By Adam Schreck
Monday, August 2, 2010; A08
DUBAI, UNITED ARAB EMIRATES -- Citing national security concerns, the United Arab Emirates said Sunday that it will block key features on BlackBerry smartphones because the devices operate beyond the government's ability to monitor. An official in neighboring Saudi Arabia indicated that it will follow suit.
The decision could prevent hundreds of thousands of users in the UAE from accessing e-mail and the Web on their devices starting Oct. 11, putting the Middle Eastern federation's reputation as a business-friendly commercial and tourism hub at risk.
BlackBerry transmissions are encrypted and routed overseas, and the measure could be motivated in part by government fears that the messaging system might be exploited by terrorists or other criminals who cannot be monitored by local authorities.
However, analysts and activists also see it as an attempt to more tightly control the flow of information in the conservative country, a U.S. ally that is home to the Persian Gulf business capital Dubai and the oil-rich emirate of Abu Dhabi.
This isn't the first time BlackBerry and UAE officials have had a run-in over security and the popular handsets, a fixture in professionals' pockets and purses the world over.
Just over a year ago, BlackBerry maker Research in Motion criticized a directive by the UAE's state-owned mobile operator Etisalat that told the company's more than 145,000 BlackBerry users to install software described as an "upgrade . . . required for service enhancements." RIM said tests showed that the update was actually spy software that could allow outsiders to access private information on the phones. It strongly distanced itself from Etisalat's decision and provided instructions for users to remove the software.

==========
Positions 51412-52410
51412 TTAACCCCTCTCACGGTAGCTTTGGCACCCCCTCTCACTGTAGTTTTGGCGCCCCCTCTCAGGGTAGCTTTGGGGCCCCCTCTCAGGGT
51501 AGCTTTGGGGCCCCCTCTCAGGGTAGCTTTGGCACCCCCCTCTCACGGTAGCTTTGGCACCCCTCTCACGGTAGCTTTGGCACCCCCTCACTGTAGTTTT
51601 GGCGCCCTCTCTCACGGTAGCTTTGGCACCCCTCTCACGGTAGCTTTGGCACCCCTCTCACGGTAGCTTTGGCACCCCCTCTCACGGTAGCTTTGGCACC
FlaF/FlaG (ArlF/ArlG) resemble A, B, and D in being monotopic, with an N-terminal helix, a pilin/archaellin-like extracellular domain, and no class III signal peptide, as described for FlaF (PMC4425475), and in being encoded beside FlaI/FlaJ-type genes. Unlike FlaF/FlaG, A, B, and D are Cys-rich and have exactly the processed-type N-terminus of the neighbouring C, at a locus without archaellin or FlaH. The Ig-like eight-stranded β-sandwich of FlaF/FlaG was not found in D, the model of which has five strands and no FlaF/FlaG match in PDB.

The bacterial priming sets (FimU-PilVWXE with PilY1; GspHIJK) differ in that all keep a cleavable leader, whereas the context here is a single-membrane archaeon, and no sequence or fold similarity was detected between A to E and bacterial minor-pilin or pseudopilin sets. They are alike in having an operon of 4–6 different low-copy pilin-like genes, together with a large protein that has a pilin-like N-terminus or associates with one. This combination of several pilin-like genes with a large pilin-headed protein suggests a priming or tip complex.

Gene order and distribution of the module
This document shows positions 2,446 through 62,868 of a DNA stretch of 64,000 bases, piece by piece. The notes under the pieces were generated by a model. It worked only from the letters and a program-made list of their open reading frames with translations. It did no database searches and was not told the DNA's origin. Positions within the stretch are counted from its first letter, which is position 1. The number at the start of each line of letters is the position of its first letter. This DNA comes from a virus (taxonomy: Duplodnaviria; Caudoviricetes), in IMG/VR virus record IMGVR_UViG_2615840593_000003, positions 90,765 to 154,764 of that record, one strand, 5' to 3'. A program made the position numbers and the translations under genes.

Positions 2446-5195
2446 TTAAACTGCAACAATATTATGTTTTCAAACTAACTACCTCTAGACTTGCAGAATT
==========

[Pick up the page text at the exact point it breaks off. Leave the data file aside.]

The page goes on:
Within hours of the UAE's decision to block BlackBerry services, a Saudi telecommunications official said the desert kingdom would begin blocking the BlackBerry messaging service starting later this month. The Saudi official, who spoke on the condition of anonymity because he is not authorized to talk to the media, said the country's telecommunications regulator would issue a statement on the move soon.
Ali Mohammed of Saudi Telecom, however, said the company had "not received any instructions about BlackBerry from the ministry."
As in Saudi Arabia, government censors in the UAE routinely block access to Web sites and other media deemed to carry content that runs contrary to the country's conservative Islamic values or that could stoke political unrest.
It was unclear whether the UAE ban would affect only local users or foreign visitors with roaming services as well.
The government said it is targeting the BlackBerry, and not other phones that can access e-mail and the Web, because the devices are the only phones in the country that automatically send users' data to servers overseas.
A RIM spokeswoman said the Canadian company had no immediate comment.
-- Associated Press